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Millennium Post

Those who didn’t return

A study on families of disappeared persons (DPs) in Jammu and Kashmir has thrown up some startling data: more than 72 per cent of those who disappeared after being picked up by security forces or militants in the last 23 years were innocent civilians.

The term ‘DPs’ is used to describe those people who were picked up from their homes or other places in the presence of witnesses, family members or friends, on suspicion of being militants by security forces or by separatists on suspicions of being police informers and were never seen again. The study, titled ‘Disappeared Persons and Conditions of their Families in Kashmir’, was supervised by renowned sociologist B A Dabla and supported by the J&K chapter of Action Aid International. The study encompasses over 700 cases of DPs in Kashmir and discusses some of them in detail.

The study says the majority of DPs, that is 99.84 per cent, were males and usually the sole earning members for their families.

Most of them (83.33 per cent) were in the age group of 21 to 35 and 37.14 per cent of them were married. Although the disappeared people were predominantly from the minority community, Hindus and Sikhs formed 0.75 per cent of the DPs in Kashmir. But only 22.42 per cent of the DPs had militant affiliations while a majority of them (72.72 per cent) were innocent civilians, the study claims.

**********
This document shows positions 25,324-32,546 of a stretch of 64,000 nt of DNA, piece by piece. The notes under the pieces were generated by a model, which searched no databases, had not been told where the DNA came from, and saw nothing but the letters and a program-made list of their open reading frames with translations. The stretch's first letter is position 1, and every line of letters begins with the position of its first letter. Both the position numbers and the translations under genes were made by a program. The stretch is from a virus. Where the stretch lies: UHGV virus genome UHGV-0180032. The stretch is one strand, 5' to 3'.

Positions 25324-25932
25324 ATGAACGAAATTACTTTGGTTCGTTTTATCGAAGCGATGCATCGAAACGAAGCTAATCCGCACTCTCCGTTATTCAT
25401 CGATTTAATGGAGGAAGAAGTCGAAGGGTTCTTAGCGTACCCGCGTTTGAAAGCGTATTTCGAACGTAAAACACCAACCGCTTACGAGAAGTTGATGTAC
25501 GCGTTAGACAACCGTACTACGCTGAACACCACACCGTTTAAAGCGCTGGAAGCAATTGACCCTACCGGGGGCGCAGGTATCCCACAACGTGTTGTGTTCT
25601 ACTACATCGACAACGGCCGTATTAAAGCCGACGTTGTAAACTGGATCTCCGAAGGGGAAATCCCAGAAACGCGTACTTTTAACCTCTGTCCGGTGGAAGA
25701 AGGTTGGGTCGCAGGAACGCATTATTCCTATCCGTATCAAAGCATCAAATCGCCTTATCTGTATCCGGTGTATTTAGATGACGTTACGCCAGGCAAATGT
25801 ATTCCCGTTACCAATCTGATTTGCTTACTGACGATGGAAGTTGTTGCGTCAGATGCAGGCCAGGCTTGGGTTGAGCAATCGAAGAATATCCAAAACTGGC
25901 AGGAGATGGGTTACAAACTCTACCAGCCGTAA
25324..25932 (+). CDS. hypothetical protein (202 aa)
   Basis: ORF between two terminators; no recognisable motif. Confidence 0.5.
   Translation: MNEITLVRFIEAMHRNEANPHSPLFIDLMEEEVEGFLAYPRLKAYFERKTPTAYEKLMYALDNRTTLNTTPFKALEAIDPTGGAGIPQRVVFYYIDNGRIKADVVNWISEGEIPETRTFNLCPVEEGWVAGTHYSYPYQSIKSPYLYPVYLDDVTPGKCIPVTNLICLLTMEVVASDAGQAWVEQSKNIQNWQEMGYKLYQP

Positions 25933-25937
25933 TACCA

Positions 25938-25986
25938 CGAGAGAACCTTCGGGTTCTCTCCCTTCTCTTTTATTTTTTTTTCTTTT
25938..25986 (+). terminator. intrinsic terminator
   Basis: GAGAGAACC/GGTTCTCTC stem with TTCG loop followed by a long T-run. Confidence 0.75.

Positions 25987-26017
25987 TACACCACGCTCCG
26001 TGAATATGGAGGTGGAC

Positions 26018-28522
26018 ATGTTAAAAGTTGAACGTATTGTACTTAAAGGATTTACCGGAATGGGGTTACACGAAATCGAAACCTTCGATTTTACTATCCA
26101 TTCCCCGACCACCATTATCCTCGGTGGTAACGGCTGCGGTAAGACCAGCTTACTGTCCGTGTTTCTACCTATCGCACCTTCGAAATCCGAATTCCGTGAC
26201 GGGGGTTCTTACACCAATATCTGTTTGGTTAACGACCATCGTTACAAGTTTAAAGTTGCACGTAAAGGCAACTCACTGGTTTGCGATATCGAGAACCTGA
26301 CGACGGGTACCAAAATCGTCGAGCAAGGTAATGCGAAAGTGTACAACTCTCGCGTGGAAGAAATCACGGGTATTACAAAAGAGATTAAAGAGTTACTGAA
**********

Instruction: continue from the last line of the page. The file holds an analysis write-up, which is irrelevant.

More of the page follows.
Dependants of the DPs are known as half-widows and half-orphans as in the absence of their bodies, the existing legal system is unable to declare the wives as widows or the children as orphans. ‘In the absence of the male authority in the families of the DPs, loss of patriarchal authority has resulted in social disorganisation,’ said Dabla, principal investigator of the study.

‘The resulting maladjustment, social isolation and segregation gave rise to deviance within these families and juvenile delinquency outside. Thus crime thrived and got a social basis,’ he said.

In addition, the study reveals that social segregation and taboos attached to the families of DPs have given rise to health problems among them such as hyper vigilance, fallback, sleeplessness, nightmares, trauma and other emotional complications. ‘Over 42 per cent of the respondents of our study admitted they are experiencing nightmares,’ Dabla said.

The study reveals that families of DPs have been complaining of irritability, muscle tension, melancholy and aggressiveness. ‘The problem of violent behaviour was quoted by 13.28 per cent of the respondents,’ Dabla said. The major implication of the psychological problems among members of DP’s families has been drug addiction (23 perc ent). Also, an increase in diseases otherwise unknown to be associated with psychological complications has been seen among the families of DPs. ‘Respondents identified an increase in diabetes, vision impairment, hearing impairment, renal and gastric problems besides arthritis,’ Dabla said. In its conclusion, the study makes a strong case for improving the lot of the families whose dear ones disappeared due to one or the other reason.

‘The primary reason for the social and economic deprivation of the family members, especially the wives and children called half-widows and half-orphans, is because they have no legal status and cannot claim rights as widows or inherit properties as orphans. ‘Family members of DPs have not received any positive and sympathetic response from either the state or society after they were picked up by either the authorities or separatists,’ the study says. [IANS]
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